Saturday, July 10, 2010

Shell Shock Mold

No pictures this time around because I'm keeping this under wraps until we shoot, but I will say this:

No  matter how much research you do, there's always that point in a project that involves something you've never done before, that you just have to do it, get it over with and hope for the best. You either did it right or you did it wrong, you can wait and wait but that won't change, it's either right or wrong.

I sort of hate this Shell Shock material. It's awesome when it works, a little tricky to work with - and that's what makes it hateful. It cures so fast, there's 2 versions, fast (3 mins) and slow (8 mins) and as soon as it's mixed it starts to thicken to a warm peanut butter consistency. It's thick and stringy and you just hope to hell to managed to get enough on your sculpt to make it worth the effort.

It's a mold making material, by the way. A great one, as I said before, when it works. There's no shrinkage or distortions like can happen with other mold materials after they've sat on a shelf for awhile. Once it's cured it's a hard urethane and pretty much nothing sticks to it that you'd be casting into it - at least not that I've encountered so far.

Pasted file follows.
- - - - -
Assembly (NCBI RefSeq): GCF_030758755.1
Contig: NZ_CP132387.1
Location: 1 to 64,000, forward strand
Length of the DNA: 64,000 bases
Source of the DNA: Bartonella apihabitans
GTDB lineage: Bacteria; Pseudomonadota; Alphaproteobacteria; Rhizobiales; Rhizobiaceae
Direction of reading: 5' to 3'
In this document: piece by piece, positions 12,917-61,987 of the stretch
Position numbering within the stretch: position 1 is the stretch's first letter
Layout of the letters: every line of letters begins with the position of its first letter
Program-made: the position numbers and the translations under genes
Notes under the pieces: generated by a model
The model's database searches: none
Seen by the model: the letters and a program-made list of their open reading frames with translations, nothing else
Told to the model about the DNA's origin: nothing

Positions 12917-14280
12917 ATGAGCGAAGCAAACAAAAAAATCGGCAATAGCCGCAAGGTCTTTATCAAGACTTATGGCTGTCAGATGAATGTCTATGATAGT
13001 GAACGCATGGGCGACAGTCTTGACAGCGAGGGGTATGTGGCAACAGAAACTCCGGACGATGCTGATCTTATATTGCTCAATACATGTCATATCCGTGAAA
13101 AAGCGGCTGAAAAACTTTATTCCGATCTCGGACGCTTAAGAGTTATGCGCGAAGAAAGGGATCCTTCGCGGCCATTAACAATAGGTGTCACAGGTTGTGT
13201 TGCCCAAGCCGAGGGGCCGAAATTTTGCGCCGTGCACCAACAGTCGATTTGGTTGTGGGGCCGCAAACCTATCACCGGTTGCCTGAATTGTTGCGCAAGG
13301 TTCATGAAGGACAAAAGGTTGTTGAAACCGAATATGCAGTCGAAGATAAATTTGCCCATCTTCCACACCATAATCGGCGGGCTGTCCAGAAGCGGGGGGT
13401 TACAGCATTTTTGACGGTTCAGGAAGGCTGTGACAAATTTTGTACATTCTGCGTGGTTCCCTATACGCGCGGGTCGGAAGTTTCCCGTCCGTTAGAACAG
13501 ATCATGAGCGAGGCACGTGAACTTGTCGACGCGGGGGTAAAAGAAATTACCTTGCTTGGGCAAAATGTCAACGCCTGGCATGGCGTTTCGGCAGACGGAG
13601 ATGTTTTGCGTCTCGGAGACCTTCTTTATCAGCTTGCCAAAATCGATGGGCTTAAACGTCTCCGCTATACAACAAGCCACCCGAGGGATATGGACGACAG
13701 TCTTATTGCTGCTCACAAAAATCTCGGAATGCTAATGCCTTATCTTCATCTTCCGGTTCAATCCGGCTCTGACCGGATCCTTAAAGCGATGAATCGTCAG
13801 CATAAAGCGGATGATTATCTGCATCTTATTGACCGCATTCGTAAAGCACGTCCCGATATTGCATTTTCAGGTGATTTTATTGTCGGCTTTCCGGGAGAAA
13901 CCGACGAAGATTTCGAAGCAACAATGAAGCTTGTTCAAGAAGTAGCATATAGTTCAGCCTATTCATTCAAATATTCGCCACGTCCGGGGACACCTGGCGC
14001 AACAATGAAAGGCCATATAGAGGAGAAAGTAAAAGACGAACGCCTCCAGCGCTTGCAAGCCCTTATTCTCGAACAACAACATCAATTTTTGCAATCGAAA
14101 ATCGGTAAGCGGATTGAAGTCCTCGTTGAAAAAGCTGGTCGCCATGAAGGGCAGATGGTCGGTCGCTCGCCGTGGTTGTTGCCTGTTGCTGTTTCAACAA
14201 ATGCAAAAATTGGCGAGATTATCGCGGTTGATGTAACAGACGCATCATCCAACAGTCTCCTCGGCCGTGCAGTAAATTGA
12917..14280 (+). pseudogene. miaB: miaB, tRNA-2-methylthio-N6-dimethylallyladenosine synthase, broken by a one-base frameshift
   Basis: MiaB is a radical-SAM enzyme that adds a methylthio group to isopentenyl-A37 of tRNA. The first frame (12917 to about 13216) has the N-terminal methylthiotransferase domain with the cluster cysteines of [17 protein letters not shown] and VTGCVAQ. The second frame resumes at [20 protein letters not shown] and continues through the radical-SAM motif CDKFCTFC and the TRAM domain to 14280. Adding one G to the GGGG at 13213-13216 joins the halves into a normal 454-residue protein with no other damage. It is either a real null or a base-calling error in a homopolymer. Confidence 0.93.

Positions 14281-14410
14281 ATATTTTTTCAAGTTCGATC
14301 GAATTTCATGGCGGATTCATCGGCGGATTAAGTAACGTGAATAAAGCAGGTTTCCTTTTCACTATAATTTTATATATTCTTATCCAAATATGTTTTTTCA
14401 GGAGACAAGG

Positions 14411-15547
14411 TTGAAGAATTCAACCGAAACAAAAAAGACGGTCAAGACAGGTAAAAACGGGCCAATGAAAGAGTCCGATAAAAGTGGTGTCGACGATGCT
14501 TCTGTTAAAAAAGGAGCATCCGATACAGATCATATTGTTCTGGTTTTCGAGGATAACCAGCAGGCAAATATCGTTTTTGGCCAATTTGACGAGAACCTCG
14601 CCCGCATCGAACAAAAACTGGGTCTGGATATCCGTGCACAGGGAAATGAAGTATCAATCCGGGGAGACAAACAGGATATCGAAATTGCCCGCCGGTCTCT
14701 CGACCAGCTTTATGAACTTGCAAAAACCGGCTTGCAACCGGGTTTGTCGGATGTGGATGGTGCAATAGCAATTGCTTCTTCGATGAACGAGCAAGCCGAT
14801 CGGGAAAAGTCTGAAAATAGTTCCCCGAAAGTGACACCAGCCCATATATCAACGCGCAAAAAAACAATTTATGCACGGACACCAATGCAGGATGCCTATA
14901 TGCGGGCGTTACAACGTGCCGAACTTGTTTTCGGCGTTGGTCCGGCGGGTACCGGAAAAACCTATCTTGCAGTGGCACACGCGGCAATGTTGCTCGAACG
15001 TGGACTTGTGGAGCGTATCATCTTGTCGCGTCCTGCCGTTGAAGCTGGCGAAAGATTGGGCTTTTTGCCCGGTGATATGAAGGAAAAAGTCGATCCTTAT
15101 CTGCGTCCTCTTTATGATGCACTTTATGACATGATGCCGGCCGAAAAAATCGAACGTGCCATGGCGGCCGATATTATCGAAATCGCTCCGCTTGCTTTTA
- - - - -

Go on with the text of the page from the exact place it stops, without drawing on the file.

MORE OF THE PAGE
I'm using it to make a mold for a silicone mask. I've used it to make a glove with 90% perfect results. This is for something much bigger and much more costly should it all go pear shaped.

The first coat is curing now, I've got to put another one on in a few minutes and then a backing support material. I'm dreading the end of the day when it's all done and I have to pry this thing apart - I can already see all those shitty little air bubbles in there ruining it. However, since it's a hard shell mold, there's the possibility of reconstructing part in a hard clay should there be any air bubbles - so all isn't entirely lost or wasted.

I guess we'll see in about 6-7 hours when it's all done.

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